Some of us are already making efforts to get these less communicative Scrum team members to open up. We are attempting to put ourselves in their shoes, assisting them in understanding that you are always available to them and coaching them by referring to Scrum Values, as well as encouraging them to speak up during key discussions.
Until this point, it is understood that every Scrum Master can ask questions during the backlog refinement and Sprint Planning sessions to determine whether these individual team members are clear with the clarifications, and one can also motivate them to open up, be collaborative, and let the communication flow. But, as I previously stated, there will be some individuals who are hesitant to speak during meetings and who do not understand the requirement during walk-throughs. One simple reason could be that they believe it is too early at that stage to ask any questions, but this is just one of many reasons.
Let us continue to coach them to be open during calls or emails with the PO or any of the other Scrum team members. Also, advise them to interact during the calls, even if it is not an excellent point, and to not be overly concerned with their language at the time, but to simply put out their questions and see whether they are speaking in context with the requirement or not.
Team members that are introverted by nature will take some time to understand when we try to coach them on better team communication. They may also feel offended at times because it is impossible for anyone to abandon their natural tendencies and demonstrate a complete change in character all at once. Furthermore, today’s teams include members from a variety of cultures, locations, and ages. Also, like Scrum, we all agree that any change in behavior will occur only empirically. My main goal is to accomplish it in a way that I’ve been doing for a long time, and I have seen a good success rate.
So, what are our other options?
How do I do that ?…
… After every Sprint event (and sometimes even Daily Scrum), I would have a regular, in-person, face-to-face connection with these team members to see if they had any unknowns or ambiguities in understanding the requirement or if they had any other issues. By demonstrating empathy with clean language and clear communication, I aim to provide confidence and ensure they feel psychologically protected. I’d also ask whether they require any special assistance from other team members or another walk-through from PO.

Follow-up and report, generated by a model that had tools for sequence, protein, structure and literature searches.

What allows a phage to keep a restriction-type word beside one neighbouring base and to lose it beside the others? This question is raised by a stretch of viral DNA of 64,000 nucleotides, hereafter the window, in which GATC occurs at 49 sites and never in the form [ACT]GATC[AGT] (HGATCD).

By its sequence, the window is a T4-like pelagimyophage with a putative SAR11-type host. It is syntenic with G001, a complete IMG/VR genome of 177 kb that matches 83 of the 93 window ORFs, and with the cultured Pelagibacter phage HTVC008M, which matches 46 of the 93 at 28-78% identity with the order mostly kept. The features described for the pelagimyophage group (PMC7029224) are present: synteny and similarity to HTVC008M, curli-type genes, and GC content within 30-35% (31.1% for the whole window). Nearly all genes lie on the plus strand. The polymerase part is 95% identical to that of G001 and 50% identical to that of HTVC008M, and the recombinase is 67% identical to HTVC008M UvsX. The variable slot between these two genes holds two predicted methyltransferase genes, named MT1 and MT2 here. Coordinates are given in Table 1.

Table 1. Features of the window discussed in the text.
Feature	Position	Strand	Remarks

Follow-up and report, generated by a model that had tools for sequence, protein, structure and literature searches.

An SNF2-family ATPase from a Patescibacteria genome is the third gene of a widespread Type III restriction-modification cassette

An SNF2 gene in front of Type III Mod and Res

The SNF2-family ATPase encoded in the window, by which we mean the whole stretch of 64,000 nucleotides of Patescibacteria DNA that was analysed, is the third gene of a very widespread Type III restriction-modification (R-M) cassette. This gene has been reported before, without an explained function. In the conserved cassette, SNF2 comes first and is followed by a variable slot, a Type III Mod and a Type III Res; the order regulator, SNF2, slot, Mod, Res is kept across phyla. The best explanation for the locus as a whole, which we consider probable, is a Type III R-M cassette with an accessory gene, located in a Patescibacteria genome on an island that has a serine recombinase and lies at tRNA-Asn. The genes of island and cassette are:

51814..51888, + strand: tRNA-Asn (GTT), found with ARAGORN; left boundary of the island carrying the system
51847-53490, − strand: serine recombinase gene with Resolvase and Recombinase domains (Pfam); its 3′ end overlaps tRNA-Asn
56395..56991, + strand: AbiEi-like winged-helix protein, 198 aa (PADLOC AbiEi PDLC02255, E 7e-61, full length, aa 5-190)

I never directly ask them to change their nature or character, but I do encourage them to improve their social culture by attending training such as Social and Communication Skills for Introverts, encouraging them to try and make new friends within teams or organizations, and motivating them to be a part of meet-up groups either in-person or online. Personally, I believe that the points described in this paragraph are important and close to my heart because I have done these things for myself and have observed some progress in myself. Yes, I’m a natural introvert.
If the readers believe any of these suggestions will be beneficial for your coaching, begin initiating with your uncommunicative team members and try to discover the reasons for their lack of responsiveness. As they become stronger communicators and team collaborators, continue to assist them in establishing the Scrum values of Commitment, Focus, Openness, Respect, and Courage. It will also make it easier for the other team members to work with these persons in a comfortable environment. And without a doubt, this will be an enabler to the project in accomplishing the Sprint goals and Increments.